The UK space industry risks losing out in the booming sector unless it builds a spaceport, according to the Institute of Directors (IoD).
With space tourists willing to pay £125,000 for just three hours in space there are huge potential benefits for the wider economy if the UK could foster the fledgling market.
The space sector in the UK is currently worth £8 billion and although the UK government has its own space agency, the sector is dominated by private companies such as Richard Branson's Virgin Galactic.
The sector currently employs 25,000 people and this is expected to rise four-fold by 2020.
Dan Lewis, policy adviser at the IoD which represents business leaders across the country, said: “The UK space industry is a real success story, overwhelmingly built up by the private sector and creating a large number of highly skilled jobs.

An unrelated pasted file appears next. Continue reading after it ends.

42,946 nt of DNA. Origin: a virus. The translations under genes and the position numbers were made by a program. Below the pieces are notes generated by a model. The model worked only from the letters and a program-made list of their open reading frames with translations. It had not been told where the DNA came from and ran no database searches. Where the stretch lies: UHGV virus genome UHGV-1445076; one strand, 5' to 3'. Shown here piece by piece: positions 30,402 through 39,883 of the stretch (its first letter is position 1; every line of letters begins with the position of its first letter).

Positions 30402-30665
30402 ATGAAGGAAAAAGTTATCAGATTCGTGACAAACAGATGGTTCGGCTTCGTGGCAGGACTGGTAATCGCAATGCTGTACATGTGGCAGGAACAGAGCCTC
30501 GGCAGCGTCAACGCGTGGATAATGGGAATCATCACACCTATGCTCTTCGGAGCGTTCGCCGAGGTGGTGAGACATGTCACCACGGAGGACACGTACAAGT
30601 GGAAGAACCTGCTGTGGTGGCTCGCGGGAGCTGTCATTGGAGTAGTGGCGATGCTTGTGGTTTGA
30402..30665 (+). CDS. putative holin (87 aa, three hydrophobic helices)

It is exciting to think that Britain has an opportunity to be one of the first countries in the world to have a commercial spaceport, making us the centre of a booming new industry.”
Madeleine Russell from the UK Space Agency told the Huffington Post that the idea of a spaceport is still in the very early stages.
She said: "The UK government is only really looking at the regulatory environment at the moment."
Building a spaceport from scratch would be expensive, around £2 billion according to the IoD, and would require it's own high altitude air corridor which narrows down the options of where it could be situated.
One suggestion to reduce costs would be to modify an existing RAF base which could cost as little as £100 million.